Decoding Connections: Social Network Analysis for Evaluation

Measuring and visualising the number of connections a person has, and the strength of those relationships is an incredibly useful means of understanding systems, processes, and the impact of programs on relationships and networks. In this blog we provide a brief overview of what social network analysis (SNA is), when and how to use it.

To start, a bit of necessary knowledge

A system, according to Donella Meadows, is ‘an interconnected set of elements that is coherently organised in a way that achieves something’.

The programs we evaluate often set out to influence and improve systems: the health system, the aged care system, environmental systems – the list goes on. Individuals, groups, or organisations (collectively referred to as ‘agents’ from now on) within a social system have attitudes, behaviours, and relationships with each other and the system. These impact the outcomes any given program can achieve. Where a program is aimed at influencing change within a system – and especially where the focus is on collaboration and coordination – it often becomes useful to understand these relationships.

But relationships are messy and so are systems. So, how on earth do we make sense of them? Social Network Analysis is a powerful tool because it visualises simply connections that otherwise would be difficult to analyse.  This is broadly the aim of SNA.

Why and when to use SNA?

SNA can be used to look at the patterns and implications of relationships between agents. It’s a method that uses mathematical descriptions that are often translated to visual maps.  The result is an illustration of the system’s relationships, showing for example, a thicker line between agents with a higher intensity of interaction (generally described by frequency of interactions or quality, for example strength of collaboration).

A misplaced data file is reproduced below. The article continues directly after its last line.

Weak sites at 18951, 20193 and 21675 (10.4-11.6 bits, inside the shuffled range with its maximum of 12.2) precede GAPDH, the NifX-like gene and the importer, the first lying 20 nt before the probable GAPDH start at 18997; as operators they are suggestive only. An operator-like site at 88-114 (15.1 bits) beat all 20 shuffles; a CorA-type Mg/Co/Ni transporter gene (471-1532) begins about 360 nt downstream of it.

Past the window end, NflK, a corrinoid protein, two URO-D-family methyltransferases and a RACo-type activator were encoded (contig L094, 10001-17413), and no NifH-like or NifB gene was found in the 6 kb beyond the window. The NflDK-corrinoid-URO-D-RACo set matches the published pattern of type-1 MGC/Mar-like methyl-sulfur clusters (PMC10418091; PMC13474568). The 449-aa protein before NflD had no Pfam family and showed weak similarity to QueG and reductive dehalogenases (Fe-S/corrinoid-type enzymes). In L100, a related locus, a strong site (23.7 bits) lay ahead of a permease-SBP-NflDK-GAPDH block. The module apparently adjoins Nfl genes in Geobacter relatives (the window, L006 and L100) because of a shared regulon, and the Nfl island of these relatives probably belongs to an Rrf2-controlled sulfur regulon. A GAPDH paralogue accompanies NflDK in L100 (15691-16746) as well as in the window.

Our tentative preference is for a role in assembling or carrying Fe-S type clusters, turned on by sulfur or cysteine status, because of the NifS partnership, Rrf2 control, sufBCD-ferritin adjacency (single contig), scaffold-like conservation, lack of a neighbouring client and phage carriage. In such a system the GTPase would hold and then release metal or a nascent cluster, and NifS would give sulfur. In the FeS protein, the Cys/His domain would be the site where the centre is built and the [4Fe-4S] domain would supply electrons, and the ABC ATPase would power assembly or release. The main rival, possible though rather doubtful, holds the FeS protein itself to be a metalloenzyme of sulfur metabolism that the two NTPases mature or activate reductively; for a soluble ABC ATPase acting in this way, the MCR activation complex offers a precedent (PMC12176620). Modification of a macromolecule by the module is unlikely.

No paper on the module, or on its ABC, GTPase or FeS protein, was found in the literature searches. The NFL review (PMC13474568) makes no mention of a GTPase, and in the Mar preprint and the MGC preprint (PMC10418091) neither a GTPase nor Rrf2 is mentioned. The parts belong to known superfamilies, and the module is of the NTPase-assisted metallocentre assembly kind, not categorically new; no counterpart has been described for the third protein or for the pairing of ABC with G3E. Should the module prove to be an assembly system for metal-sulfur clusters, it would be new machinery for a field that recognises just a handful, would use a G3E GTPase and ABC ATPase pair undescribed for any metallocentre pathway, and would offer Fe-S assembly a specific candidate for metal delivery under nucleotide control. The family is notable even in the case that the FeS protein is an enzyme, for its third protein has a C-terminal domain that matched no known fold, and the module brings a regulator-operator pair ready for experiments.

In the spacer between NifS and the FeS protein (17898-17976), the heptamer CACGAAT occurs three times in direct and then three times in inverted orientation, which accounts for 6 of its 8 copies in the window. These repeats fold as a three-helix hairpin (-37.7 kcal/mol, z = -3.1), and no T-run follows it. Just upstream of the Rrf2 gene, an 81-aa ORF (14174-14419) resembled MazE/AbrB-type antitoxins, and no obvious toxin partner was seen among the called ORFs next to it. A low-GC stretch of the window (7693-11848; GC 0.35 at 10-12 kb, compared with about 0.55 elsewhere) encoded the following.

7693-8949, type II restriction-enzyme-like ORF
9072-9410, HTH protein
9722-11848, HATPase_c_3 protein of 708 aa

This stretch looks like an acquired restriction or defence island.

These maps enable program designers, evaluators and decision makers to more easily recognise patterns and test inferences, and prompt discussions about why X is engaging with Y, or why X isn’t coordinating with Z.

The flexibility of SNA makes it an attractive tool for evaluators.

In our practice, we often utilise SNAs:

  1. To understand processes: determining who is involved, how they are connected, and what these dynamics mean in the context of the overall evaluation
  2. To produce an output: understanding strategic planning, program or intervention design
  3. To demonstrate impacts and outcomes: showing the ways in which networks or systems have change or been adapted
What are the steps?

The approach you take will depend on the questions you want to answer, or the hypothesis you want to test. [1] But there are fairly routine phases we follow:

In the planning stage…

Once you have established whether the SNA will be used to understand processes, produce an output, or demonstrate an outcome, it is important to identify the network being analysed. This requires critical consideration of:

  • the purpose of the SNA
  • the relevant agents within the network
  • why they are relevant